RIYADH — Iran’s top diplomat preached unity and dialogue during a visit to Saudi Arabia on Thursday, his first since the two Middle East rivals announced a surprise rapprochement in March.
Hossein Amir-Abdollahian also took the opportunity to reiterate the Islamic Republic’s support for the Palestinian cause at a time when Riyadh is in discussions with the United States about potentially normalizing ties with Israel.
Such a deal would see Saudi Arabia recognize Israel in exchange for conditions including security guarantees from the United States and concessions from Israel on the Israeli-Palestinian conflict.
Standing next to Prince Faisal on Thursday, Amir-Abdollahian described the conflict as “the most important issue in the Islamic world,” adding: “We continue to support Palestine.”
“There is no doubt that the Zionist regime will continue its efforts to create division in the Muslim world and the region. We follow the movements of the Zionist regime with insight and vigilance,” he added.
Ties between Sunni-majority Saudi Arabia and Shiite-majority Iran “are progressing in the right direction,” Amir-Abdollahian told reporters at a press conference with his Saudi counterpart Prince Faisal bin Farhan, touting economic and security cooperation without announcing any new agreements.
Thursday’s meeting in the Saudi foreign ministry’s Islamic Solidarity Hall “will be a prelude to the meeting of the heads of the two countries,” he added, without specifying when Iranian President Ebrahim Raisi would visit Saudi Arabia at King Salman’s invitation.
“We are sure that these meetings and cooperation will help the unity of the Islamic world.”
The foreign ministers did not take questions.
The two countries severed ties in 2016 after Saudi diplomatic missions in Iran were attacked during protests over Riyadh’s execution of Shiite cleric Nimr al-Nimr.
But in March, a China-brokered deal saw the long-time rivals agree to restore diplomatic relations and reopen their respective embassies.
In June, Iran reopened its embassy in Riyadh with a flag-raising ceremony.
Its new ambassador, Alireza Enayati, traveled with Amir-Abdollahian to Riyadh on Thursday.
Earlier this month, Iran said the Saudi embassy in Tehran had begun operations, but Riyadh has yet to confirm this or announce an ambassador of its own.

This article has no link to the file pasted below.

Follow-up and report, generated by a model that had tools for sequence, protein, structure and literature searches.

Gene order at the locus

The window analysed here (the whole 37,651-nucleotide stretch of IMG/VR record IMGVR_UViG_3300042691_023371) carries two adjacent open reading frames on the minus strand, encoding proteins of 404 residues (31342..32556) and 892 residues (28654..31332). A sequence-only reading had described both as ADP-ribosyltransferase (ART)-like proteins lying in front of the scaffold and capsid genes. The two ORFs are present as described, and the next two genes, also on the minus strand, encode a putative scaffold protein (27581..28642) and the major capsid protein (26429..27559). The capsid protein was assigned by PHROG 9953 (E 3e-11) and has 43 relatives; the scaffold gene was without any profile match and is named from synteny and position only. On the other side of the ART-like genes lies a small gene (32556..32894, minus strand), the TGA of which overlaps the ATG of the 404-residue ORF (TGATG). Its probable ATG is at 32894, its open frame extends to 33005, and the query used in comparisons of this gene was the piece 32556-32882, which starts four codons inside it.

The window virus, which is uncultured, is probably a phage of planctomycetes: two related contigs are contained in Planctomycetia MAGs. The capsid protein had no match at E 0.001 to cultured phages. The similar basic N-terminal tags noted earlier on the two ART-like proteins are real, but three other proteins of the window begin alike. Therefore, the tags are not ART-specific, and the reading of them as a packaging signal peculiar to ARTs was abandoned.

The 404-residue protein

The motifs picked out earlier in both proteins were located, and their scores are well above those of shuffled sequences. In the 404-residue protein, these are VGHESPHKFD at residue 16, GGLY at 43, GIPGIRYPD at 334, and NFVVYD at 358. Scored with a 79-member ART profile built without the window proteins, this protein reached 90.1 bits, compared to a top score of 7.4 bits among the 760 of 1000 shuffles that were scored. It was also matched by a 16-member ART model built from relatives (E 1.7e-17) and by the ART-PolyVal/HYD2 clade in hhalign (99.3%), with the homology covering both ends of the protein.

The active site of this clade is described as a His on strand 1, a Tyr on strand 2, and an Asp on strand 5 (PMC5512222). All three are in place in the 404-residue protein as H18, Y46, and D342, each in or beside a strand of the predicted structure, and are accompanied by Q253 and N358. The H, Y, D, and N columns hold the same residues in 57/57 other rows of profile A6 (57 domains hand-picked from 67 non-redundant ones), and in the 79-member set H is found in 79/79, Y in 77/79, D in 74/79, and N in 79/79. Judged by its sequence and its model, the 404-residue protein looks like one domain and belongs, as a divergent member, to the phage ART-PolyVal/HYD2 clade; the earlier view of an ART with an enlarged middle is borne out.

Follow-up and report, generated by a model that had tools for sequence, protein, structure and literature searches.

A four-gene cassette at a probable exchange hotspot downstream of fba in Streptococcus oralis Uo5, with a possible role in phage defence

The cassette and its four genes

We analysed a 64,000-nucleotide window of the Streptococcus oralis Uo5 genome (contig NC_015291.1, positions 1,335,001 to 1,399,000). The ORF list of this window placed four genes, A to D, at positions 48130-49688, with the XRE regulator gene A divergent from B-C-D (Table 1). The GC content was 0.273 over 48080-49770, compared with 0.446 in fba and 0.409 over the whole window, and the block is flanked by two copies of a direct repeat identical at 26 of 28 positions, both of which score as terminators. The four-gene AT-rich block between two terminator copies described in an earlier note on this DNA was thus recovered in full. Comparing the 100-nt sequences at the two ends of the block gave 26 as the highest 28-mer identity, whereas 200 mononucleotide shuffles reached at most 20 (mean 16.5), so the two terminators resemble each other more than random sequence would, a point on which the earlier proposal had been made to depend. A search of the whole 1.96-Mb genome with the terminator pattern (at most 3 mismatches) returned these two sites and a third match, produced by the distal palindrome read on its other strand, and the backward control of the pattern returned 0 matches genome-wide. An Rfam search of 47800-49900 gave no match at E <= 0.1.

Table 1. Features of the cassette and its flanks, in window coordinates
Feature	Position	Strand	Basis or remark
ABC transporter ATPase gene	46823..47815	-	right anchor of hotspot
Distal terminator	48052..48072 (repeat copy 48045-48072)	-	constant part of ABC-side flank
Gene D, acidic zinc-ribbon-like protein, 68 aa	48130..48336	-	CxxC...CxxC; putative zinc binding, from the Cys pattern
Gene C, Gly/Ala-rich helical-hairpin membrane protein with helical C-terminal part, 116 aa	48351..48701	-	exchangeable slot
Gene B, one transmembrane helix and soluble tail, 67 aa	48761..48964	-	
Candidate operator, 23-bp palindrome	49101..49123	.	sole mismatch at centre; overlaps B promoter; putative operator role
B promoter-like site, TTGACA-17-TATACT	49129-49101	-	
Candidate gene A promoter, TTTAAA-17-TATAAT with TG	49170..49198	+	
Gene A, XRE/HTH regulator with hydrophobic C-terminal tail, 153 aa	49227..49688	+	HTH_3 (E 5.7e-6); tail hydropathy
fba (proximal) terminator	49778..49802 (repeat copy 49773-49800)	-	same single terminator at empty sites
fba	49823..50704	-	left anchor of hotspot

Amir-Abdollahian’s one-day stop in Riyadh came two months after Prince Faisal became the first Saudi foreign minister to travel to Iran since 2006.
The visits and the reopening of embassies represent “important confidence-building measures,” said Anna Jacobs, senior Gulf analyst for the International Crisis Group.
“Saudi-Iran rapprochement is still in its early phases, and it’s still very unclear how the two sides will address their many points of friction,” Jacobs said.
“Resuming diplomatic ties and engaging in more dialogue is a good start, but it’s difficult to tell if this will be enough to resolve the long-standing issues in their relationship.”
Iran and Saudi Arabia have backed opposing sides in conflict zones across the Middle East for years, including in Yemen, where in 2015, Riyadh mobilized an international coalition against Iran-backed Houthi rebels who had toppled the internationally recognized government the previous year.
Since the March deal, Saudi Arabia has ramped up a push for peace in Yemen, holding direct talks with Houthi leaders in April in the Yemeni capital Sanaa.
It has also championed the return of key Iran ally Syria to the Arab fold at a summit in May.
On Wednesday, Iranian state media said Iranian and Saudi military officials met in Moscow on the sidelines of a security conference.
At the same time, the two sides have exchanged competing statements over a disputed gas field that Saudi Arabia plans to develop jointly with Kuwait.
Iran also wants to explore and exploit the field, known as Arash in Iran and Dorra in Kuwait and Saudi Arabia, which has long been a point of contention between the three countries.
“The dispute over the Dorra/Arash gas field shouldn’t be a major obstacle to improving ties, and it could even be an opportunity for dialogue,” Jacobs said.
“But from the Saudi perspective, they are more concerned about Yemen, threats to maritime security in the Gulf, and regional files like Syria.”